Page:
Photo by Balou46 - Own work, CC BY-SA 4.0, https://commons.wikimedia.org/w/index.php?curid=66620663
The Funicular dos Guindais, or Guindais funicular railway, is a funicular railway in Porto, Portugal. The original line was constructed in 1891 but closed just two years later after a serious accident. As part of a larger initiative to improve the transport infrastructure of Porto, it was re-modelled and re-opened on 19 February 2004. The line runs down a steep cliff from Batalha (on the higher ground of central Porto) to the quayside at Ribeira.
The funicular is single track, with a central passing loop, is 281 metres (922 ft) long, and descends 61 metres (200 ft). The upper 90 metres (295 ft) are in tunnel, and the section of the line below the passing loop has a markedly steeper gradient than the upper section. The two vehicles have a capacity of 25 persons each, and operate at a maximum speed of 5 metres per second (16.4 ft/s). Because of the variation in gradient along the line, the cars have self-levelling equipment which keep the car floor horizontal irrespective of the track gradient.
Although the journey is short at approximately 3 minutes, after emerging from the tunnel at the top, descending passengers are given a panoramic view including the Dom Luís I Bridge, the quaysides of Ribeira and Cais de Gaia, the multitude of port wine lodges and traditional port boats on the Gaia side of the Douro River, and of course the river itself. Once at the bottom, tourists can either walk across the bridge on foot, join a river cruise or enjoy the restaurants and bars of Ribeira.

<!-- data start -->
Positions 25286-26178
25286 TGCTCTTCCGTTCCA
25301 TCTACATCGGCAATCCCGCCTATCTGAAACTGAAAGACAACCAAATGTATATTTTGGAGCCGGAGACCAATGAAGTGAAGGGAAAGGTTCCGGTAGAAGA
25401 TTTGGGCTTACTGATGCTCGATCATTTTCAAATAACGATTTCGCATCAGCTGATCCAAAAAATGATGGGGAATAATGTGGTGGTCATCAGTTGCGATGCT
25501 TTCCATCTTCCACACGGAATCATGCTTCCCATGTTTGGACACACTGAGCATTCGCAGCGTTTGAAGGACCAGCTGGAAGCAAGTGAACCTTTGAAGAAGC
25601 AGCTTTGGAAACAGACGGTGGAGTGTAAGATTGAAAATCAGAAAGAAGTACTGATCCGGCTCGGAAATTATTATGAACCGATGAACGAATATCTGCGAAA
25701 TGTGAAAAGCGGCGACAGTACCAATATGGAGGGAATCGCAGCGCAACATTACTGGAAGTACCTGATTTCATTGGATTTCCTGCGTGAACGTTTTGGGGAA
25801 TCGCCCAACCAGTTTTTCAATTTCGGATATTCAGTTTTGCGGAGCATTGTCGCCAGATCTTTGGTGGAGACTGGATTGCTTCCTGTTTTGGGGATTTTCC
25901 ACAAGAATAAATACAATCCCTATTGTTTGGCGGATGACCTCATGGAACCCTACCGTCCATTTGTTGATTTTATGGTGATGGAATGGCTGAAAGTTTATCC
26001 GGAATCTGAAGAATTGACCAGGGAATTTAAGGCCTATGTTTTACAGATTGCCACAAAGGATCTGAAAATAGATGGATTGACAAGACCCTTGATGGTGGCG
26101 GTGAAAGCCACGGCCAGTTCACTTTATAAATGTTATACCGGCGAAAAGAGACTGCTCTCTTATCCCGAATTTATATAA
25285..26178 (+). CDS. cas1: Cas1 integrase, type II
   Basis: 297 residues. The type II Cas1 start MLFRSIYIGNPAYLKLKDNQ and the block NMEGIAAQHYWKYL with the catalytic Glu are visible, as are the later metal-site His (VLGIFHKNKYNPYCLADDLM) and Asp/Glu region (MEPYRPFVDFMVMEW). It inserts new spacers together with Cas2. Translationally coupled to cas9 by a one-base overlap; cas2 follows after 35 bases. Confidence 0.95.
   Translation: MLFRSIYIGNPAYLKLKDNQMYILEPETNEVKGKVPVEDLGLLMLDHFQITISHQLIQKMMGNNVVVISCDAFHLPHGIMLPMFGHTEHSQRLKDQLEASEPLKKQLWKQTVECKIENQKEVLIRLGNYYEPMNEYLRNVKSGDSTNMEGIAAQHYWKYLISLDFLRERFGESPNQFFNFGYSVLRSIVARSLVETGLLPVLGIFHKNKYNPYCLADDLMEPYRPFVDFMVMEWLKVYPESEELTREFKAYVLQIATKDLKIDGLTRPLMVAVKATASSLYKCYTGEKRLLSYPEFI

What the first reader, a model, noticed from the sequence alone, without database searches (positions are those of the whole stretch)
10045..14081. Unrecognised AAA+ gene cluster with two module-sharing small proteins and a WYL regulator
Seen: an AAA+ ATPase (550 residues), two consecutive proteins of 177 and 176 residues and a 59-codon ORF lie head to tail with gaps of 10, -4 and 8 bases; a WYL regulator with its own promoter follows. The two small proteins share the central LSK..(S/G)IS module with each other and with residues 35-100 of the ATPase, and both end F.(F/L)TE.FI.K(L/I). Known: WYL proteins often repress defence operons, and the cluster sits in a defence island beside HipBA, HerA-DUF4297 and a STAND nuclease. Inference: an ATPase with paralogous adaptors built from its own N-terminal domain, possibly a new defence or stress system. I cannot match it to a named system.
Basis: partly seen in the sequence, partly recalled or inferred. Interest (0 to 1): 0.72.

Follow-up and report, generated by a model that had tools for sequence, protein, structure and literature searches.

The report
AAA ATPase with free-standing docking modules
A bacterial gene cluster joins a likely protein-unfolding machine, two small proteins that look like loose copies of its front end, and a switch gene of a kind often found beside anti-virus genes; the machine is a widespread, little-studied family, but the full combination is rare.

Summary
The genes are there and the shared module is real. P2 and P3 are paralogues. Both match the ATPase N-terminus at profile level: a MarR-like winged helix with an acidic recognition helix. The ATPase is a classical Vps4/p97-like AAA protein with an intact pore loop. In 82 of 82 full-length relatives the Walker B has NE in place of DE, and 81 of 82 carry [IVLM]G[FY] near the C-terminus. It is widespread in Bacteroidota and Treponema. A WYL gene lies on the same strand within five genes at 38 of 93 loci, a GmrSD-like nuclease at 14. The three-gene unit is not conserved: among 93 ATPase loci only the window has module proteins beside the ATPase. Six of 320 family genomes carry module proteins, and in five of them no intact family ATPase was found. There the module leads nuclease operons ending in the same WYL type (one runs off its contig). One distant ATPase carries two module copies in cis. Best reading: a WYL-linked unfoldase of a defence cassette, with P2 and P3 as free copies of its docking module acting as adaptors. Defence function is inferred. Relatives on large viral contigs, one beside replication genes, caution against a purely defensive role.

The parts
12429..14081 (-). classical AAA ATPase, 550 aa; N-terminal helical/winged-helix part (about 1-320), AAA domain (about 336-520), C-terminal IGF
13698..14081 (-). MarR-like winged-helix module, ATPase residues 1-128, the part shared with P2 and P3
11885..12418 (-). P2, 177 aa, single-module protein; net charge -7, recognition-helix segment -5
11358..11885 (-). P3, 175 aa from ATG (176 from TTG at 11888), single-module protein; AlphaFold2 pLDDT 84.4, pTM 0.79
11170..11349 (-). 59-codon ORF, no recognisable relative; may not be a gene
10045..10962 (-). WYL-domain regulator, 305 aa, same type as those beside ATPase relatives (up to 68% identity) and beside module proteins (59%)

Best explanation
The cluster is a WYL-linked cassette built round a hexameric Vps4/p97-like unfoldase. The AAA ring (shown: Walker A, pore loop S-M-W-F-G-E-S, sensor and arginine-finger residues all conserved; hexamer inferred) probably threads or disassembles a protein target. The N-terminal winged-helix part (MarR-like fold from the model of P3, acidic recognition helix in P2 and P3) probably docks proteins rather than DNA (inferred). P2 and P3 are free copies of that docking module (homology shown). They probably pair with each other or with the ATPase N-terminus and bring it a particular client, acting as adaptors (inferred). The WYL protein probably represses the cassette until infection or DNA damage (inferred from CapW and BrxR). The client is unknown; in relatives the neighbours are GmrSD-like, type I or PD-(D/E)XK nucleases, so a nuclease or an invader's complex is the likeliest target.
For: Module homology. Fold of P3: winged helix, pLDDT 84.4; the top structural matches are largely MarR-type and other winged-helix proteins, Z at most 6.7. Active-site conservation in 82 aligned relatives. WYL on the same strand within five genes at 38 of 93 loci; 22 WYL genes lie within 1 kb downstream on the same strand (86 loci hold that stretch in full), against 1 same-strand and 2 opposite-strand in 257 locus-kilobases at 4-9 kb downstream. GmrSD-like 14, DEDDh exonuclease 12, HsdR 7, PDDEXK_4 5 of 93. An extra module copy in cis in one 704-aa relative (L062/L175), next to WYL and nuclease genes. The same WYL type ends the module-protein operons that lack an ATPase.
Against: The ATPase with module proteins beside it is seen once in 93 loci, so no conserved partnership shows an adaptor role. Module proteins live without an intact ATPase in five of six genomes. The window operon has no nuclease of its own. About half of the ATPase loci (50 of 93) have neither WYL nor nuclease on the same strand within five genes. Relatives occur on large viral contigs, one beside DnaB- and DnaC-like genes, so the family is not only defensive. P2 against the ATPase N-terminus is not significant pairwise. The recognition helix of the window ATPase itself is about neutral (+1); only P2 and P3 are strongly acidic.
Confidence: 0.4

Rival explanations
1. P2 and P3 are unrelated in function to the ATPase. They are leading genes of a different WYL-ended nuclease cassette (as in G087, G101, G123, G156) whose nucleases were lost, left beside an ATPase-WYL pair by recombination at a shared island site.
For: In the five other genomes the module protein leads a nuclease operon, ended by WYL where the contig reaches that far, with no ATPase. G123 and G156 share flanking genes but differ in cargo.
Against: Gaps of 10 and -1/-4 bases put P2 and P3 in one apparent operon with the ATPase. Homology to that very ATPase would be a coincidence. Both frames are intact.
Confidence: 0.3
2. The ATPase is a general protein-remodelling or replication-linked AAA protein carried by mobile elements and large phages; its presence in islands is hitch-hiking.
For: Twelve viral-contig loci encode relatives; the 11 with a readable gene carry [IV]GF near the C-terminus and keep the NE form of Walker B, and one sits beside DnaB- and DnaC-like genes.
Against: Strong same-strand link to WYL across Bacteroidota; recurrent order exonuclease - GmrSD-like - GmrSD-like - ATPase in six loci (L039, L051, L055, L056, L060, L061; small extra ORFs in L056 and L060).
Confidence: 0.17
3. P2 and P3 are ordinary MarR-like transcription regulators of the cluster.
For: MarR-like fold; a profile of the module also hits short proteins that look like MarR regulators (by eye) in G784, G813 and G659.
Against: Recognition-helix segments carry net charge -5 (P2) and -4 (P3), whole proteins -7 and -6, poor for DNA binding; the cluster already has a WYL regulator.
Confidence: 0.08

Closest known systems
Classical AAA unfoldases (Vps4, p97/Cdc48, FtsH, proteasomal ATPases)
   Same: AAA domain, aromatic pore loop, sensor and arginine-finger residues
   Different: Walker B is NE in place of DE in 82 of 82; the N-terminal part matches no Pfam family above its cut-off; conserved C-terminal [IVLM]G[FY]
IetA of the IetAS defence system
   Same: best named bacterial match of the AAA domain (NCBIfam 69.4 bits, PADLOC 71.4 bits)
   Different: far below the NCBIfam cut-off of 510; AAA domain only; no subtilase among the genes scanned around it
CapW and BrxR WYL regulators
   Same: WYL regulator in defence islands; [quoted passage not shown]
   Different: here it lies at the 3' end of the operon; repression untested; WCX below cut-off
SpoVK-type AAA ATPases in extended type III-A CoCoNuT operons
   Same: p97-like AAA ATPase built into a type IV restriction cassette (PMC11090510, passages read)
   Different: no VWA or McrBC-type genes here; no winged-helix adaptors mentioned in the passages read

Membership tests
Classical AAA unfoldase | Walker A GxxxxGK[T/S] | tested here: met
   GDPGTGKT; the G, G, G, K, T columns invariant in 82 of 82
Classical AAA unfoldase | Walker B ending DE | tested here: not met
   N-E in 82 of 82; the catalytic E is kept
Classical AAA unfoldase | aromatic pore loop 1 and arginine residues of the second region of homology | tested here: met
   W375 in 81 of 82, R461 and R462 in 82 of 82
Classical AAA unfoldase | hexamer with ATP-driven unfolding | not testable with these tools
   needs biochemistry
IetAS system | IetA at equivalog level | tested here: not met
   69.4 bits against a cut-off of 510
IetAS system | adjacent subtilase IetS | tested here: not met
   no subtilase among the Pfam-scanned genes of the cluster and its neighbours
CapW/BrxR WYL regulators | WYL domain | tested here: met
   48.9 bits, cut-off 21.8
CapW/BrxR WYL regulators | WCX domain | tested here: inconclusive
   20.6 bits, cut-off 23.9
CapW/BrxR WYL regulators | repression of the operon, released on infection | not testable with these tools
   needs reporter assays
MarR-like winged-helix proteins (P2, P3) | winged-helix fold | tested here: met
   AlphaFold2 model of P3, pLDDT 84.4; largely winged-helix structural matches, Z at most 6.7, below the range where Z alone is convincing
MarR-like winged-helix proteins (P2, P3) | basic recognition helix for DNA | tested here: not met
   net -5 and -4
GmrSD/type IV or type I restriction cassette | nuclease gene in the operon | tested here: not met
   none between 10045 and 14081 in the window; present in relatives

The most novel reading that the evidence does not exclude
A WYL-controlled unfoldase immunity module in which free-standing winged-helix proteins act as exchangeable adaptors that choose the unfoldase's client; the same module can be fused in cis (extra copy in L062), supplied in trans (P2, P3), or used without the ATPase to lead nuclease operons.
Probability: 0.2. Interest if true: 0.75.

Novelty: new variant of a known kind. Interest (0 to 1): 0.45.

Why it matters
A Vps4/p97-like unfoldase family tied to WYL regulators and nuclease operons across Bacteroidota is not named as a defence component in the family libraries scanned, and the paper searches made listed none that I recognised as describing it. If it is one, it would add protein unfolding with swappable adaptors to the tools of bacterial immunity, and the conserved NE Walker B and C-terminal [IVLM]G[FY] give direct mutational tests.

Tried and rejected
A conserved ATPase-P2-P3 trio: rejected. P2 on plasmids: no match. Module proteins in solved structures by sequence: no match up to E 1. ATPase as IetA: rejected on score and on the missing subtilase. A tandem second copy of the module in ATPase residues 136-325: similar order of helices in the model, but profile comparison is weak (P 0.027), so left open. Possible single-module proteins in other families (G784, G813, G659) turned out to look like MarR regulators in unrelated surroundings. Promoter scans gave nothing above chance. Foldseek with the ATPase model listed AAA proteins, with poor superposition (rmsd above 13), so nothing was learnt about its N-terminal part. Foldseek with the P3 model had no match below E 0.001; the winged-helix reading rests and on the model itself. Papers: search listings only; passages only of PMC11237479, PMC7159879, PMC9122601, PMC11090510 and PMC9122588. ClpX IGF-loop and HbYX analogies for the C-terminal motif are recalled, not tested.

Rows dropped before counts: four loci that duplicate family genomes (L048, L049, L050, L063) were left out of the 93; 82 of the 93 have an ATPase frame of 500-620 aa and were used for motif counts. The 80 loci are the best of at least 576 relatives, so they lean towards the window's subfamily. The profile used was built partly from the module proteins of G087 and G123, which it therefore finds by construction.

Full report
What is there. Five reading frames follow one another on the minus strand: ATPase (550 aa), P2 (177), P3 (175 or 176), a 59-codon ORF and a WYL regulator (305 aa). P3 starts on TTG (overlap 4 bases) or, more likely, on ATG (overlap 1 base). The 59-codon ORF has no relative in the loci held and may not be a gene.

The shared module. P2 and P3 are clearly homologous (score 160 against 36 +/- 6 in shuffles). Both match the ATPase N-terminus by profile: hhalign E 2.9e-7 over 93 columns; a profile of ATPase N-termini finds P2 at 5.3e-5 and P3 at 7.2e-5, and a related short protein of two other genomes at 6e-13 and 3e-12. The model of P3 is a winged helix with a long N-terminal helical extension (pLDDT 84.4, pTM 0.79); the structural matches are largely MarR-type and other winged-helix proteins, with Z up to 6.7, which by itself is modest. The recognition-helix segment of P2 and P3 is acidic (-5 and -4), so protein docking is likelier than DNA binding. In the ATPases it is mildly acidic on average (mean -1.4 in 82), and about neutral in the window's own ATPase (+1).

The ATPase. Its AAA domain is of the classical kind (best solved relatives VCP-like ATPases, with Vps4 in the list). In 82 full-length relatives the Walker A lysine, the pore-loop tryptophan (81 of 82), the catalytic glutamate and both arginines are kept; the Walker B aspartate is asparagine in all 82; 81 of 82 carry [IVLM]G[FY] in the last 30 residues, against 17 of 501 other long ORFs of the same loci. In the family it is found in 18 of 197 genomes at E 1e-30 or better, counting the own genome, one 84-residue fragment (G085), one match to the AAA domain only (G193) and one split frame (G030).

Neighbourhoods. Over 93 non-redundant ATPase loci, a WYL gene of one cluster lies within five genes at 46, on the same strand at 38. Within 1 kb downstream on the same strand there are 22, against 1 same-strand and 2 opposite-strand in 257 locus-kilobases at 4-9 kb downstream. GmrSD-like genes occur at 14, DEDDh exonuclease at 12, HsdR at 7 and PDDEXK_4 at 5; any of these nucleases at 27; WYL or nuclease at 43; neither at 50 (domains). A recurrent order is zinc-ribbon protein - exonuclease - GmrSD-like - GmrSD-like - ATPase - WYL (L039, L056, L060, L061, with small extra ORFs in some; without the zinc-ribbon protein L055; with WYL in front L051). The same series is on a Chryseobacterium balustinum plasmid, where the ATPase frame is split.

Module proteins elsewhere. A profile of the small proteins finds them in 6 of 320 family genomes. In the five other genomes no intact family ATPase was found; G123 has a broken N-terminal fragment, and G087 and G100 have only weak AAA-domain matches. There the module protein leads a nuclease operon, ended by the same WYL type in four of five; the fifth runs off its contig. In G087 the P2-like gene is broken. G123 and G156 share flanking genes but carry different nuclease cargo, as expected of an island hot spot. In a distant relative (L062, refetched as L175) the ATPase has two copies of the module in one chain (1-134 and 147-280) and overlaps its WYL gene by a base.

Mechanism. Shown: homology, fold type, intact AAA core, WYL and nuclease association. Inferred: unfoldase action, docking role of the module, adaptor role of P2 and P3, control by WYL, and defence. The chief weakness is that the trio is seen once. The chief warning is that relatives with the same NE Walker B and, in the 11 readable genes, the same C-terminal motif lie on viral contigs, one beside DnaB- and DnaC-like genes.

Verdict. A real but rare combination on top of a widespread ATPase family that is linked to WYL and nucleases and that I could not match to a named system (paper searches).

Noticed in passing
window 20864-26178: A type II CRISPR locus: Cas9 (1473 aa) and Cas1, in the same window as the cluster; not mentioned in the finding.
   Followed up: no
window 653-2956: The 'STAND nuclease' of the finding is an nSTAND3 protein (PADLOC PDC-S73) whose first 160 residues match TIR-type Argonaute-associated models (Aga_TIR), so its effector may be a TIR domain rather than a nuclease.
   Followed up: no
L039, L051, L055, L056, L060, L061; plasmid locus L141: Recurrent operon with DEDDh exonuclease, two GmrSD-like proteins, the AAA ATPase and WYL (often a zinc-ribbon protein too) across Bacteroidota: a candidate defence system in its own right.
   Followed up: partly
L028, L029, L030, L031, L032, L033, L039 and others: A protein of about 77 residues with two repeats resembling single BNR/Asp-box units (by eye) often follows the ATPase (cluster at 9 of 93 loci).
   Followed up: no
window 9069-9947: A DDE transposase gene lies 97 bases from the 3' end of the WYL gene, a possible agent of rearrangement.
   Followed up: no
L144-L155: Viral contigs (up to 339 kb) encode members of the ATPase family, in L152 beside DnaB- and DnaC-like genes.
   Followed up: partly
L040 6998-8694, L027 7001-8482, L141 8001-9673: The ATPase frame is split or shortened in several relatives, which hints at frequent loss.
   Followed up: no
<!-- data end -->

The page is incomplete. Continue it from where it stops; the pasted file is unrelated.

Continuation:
The service is also used by locals and commuters wishing to get from Ribeira and Cais de Gaia to the metro or train at São Bento without climbing the steep hill on foot. It runs from 8am to 8pm on weekdays, with services running until midnight on weekends and holidays. It is owned by the Porto Metro company and accessed using the Andante ticket, allowing a trip on the funicular to be combined with a journey on the Porto Metro and selected bus routes.
Photo by Manuel de Sousa - Own work, Public Domain, https://commons.wikimedia.org/w/index.php?curid=1499336
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